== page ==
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Pin in Paste using Solder Preforms

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  • Pin-in-paste is the technique of intrusive soldering through-hole components to a circuit board using reflow soldering.  Typically, solder paste can be printed and this will provide enough solder for complete barrel fill. 


    Occasionally, more solder is needed than can be printed, and solder preforms can be used.



    Phil Zarrow and Jim Hall of ITM Consulting have a recorded discussion forum called "Board Talk" in which they discuss common board assembly issues and solutions.  One of the topics they have discussed is called, "Through Hole Reflow - Pin in Paste."  Here, they discuss the typical techniques used for soldering through-hole components to a circuit board.  These include printing solder paste around the through-hole in the board, inserting the through-hole connector, and reflowing the assembly in a convection oven. 






    They mention that one way to apply more solder is to overprint the solder paste.  For many applications, this is an excellent technique.  The overprinted solder paste will wick into the barrel during the reflow stage.  This is a natural process because the over-printed area is typically a non-solderable solder mask surface outside the plated through-hole annular ring.  The solder de-wets from the solder mask and surface tension pulls it into the pool of solder, onto the annular ring, and down the plated barrel of the board.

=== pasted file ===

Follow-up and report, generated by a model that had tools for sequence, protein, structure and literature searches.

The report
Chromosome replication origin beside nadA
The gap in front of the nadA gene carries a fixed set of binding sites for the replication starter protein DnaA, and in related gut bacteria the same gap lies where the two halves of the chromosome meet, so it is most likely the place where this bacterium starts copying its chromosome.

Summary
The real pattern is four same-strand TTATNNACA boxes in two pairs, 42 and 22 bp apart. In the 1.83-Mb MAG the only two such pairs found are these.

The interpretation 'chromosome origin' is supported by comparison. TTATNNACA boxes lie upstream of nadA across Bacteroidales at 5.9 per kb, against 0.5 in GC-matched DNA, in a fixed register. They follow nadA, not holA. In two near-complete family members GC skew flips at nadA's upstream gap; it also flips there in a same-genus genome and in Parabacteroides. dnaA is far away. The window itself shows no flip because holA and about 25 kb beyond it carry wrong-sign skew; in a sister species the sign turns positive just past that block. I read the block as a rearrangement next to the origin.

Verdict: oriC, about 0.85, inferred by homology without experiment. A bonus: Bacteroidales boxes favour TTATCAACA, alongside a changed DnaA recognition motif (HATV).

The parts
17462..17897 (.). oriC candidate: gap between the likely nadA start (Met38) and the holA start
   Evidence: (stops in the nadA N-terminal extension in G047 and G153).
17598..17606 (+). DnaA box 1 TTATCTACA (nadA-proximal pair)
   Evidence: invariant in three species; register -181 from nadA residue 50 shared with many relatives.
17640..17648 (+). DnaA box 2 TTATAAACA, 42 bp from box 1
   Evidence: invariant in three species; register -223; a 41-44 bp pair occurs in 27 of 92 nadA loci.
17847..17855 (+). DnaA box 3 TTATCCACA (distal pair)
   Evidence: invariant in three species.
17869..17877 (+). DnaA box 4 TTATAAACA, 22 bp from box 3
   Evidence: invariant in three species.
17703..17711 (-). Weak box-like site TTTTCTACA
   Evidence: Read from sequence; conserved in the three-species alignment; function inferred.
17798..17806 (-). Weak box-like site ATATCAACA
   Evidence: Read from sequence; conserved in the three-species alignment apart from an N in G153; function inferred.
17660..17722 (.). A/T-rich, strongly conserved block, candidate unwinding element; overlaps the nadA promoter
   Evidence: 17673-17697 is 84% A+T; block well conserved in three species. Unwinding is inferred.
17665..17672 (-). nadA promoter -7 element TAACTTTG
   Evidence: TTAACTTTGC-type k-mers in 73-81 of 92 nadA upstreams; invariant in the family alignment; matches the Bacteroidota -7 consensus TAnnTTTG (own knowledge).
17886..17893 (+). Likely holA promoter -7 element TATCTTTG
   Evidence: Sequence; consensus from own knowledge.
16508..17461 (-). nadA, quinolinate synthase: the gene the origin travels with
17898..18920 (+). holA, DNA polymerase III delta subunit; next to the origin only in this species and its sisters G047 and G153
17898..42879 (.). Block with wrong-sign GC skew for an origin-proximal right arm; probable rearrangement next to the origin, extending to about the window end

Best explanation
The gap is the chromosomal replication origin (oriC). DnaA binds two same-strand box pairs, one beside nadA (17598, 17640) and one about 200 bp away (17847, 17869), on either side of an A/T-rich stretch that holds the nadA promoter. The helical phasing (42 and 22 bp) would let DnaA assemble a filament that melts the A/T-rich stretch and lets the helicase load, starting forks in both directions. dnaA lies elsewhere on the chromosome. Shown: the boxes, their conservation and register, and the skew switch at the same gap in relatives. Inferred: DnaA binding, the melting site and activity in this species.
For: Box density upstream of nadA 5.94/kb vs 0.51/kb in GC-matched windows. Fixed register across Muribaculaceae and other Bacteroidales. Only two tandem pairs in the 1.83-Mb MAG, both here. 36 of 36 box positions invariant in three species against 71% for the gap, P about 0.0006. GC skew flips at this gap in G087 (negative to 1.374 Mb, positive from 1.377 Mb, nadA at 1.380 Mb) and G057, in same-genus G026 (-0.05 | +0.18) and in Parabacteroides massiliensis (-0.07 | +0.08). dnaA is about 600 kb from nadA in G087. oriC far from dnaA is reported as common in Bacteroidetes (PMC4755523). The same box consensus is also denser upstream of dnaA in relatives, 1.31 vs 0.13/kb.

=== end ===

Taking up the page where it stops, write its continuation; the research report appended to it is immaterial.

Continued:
Occasionally, overprinting solder paste still does not provide enough solder to fill the through-hole.  On these occasions, a good alternative is solder preforms.






    There are a couple types of solder preforms to consider.  The first is a standard 0402 or 0603 size preform supplied in carrier tape.  These preforms are 100% metal compared with solder paste, which is only approximately 50% metal by volume.  To incorporate preforms, print solder past around the through-hole.  Place a preform just outside the annular ring, but touching the solder paste.  Just like overprinting, the solder preform supplies extra metal, but this time, the metal from the solder preform will wick down the through-hole barrel and provide much more solder than the overprint was able to.  The flux in the solder paste will be enough to remove oxides from the preform, so no additional flux is needed.






    A second type of preform to consider for the most difficult-to-solder connectors are integrated preforms.  These preforms are custom-designed for each connector type and include an array of washers.  One washer will fit over every pin.  Flux is applied and the connector is inserted.  The assembly is reflowed in a convection oven, and more solder is available to fill the barrel than could be supplied using solder paste at all.  This is the most manual technique, however, may be the only option to achieve a complete barrel fill without re-designing the board.